Olympics 2012: I thought I`d got away, says dope-tainted cyclist
London: Disgraced Russian cyclist Victoria Baranova said here Friday that she had taken testosterone ahead of the Olympics, and she had thought she was in the clear.
Baranova was thrown out of the Games this week after testing positive for the performance-enhancing drug.
She was due to compete in the keirin event in track cycling Friday.
"At the chemist, I bought the tablets containing testosterone of my own accord," she said.
"I don`t remember the exact name, but I think it was Andriol," she added.
"Since I knew it was prohibited, I didn`t mention anything about it to my coach. I took one tablet," Baranova said.
The very same day, Baranova was required to take a drugs test, and feared the worst. "I was scared and instantly regretted this course of action, but I didn`t tell anyone," she said.
Baranova flew back to London Wednesday after being taken off the cycling team by her national federation.
"Right before leaving for the Olympic Games another doping sample was taken, and it was clean. I thought I got lucky and nothing would happen. I didn`t take this medicine any more and don`t intend to do it in the future either," said Baranova, adding one of the tests she had given, in Belarus, was positive.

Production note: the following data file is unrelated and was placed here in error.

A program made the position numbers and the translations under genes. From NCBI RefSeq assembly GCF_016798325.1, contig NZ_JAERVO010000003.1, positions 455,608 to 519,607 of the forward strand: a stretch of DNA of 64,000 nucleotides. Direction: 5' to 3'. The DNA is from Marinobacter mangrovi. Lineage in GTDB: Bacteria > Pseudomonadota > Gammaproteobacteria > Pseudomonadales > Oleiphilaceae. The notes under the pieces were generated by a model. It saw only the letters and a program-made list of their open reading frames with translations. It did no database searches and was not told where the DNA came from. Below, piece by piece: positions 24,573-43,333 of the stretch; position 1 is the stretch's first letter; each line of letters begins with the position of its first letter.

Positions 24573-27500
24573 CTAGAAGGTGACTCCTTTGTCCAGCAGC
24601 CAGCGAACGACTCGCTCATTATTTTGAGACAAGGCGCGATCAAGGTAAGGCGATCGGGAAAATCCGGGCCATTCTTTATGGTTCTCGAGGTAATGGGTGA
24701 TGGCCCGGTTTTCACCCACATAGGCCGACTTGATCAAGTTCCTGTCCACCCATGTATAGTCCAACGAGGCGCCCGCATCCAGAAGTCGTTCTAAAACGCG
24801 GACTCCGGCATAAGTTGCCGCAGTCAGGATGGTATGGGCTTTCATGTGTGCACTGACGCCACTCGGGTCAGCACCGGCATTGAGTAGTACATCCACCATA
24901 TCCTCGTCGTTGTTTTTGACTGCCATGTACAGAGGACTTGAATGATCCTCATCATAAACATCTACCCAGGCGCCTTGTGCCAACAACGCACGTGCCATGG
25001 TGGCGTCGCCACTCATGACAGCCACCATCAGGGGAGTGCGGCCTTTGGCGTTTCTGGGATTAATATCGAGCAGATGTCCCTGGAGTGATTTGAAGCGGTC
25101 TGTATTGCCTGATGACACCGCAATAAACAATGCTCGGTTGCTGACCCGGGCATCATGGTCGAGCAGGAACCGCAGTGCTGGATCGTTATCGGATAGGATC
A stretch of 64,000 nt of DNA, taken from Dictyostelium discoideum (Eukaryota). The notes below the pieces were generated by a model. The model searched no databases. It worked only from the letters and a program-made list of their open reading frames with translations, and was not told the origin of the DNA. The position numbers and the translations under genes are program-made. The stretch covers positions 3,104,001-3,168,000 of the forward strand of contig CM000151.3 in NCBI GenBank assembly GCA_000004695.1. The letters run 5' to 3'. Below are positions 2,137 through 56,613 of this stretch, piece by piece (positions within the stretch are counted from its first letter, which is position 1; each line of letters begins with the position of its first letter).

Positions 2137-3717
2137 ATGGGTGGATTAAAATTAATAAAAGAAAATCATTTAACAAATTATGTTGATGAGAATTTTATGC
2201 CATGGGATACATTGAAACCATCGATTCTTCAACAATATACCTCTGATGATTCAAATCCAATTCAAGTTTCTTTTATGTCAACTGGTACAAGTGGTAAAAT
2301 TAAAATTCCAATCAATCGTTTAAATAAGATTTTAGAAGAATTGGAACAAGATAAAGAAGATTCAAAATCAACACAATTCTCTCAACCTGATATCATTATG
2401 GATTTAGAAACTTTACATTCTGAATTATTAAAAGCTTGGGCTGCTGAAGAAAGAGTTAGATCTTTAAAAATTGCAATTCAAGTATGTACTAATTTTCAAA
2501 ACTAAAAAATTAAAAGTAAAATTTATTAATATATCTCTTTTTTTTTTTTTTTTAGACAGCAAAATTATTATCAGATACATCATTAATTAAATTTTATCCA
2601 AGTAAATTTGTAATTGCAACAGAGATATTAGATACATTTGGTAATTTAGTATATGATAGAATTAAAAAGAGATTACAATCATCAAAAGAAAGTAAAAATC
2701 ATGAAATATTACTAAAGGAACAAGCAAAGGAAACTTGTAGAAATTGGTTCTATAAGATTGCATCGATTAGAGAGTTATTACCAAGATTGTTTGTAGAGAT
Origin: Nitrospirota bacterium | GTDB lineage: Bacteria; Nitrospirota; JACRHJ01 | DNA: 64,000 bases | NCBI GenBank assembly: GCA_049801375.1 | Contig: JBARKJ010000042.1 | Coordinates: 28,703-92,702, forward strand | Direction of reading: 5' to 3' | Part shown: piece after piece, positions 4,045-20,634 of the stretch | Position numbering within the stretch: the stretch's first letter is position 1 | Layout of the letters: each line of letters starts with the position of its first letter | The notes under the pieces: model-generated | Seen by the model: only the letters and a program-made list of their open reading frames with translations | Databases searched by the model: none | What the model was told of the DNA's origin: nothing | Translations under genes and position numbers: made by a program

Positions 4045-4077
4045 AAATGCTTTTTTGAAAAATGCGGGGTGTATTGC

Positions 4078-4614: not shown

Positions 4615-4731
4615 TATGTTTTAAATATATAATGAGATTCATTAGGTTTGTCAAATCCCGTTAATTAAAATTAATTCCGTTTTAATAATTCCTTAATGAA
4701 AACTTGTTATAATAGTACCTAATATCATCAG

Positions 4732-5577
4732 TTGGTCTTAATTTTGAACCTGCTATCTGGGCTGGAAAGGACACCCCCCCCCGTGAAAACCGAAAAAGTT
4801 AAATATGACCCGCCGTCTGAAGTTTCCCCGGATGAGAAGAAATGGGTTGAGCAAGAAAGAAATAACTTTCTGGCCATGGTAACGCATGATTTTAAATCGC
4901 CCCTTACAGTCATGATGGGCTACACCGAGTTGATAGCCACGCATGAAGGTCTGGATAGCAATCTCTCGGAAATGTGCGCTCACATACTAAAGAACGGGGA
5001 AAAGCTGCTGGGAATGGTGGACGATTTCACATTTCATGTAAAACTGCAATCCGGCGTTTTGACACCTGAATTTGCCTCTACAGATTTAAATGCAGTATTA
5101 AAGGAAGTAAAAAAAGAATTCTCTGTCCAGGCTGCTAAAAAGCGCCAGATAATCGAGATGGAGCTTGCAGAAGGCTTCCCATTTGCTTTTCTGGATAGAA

"I really regret that this happened," she said.
Baranova, ranked No. 2, had trained under the supervision of her father, Alexei, in the run-up to the Games, separately from the Russian team.
She won the keirin in the European junior track championships in Portugal last month.
Baranova is the third drugs cheat to be caught during the Games after Albanian weightlifter Hysen Pulaku tested positive for steroids and Uzbek gymnast Luiza Galiulina was found to have taken a drugs masking agent.
Additionally, the Olympic committee of St. Kitts and Nevis Sunday sent home sprinter Tameka Williams for taking a substance that they feared "would fall outside the accepted medical code".
More than 100 athletes were prohibited from competing in London for doping offences that were uncovered in the six months leading up to the Games, the IOC announced Friday.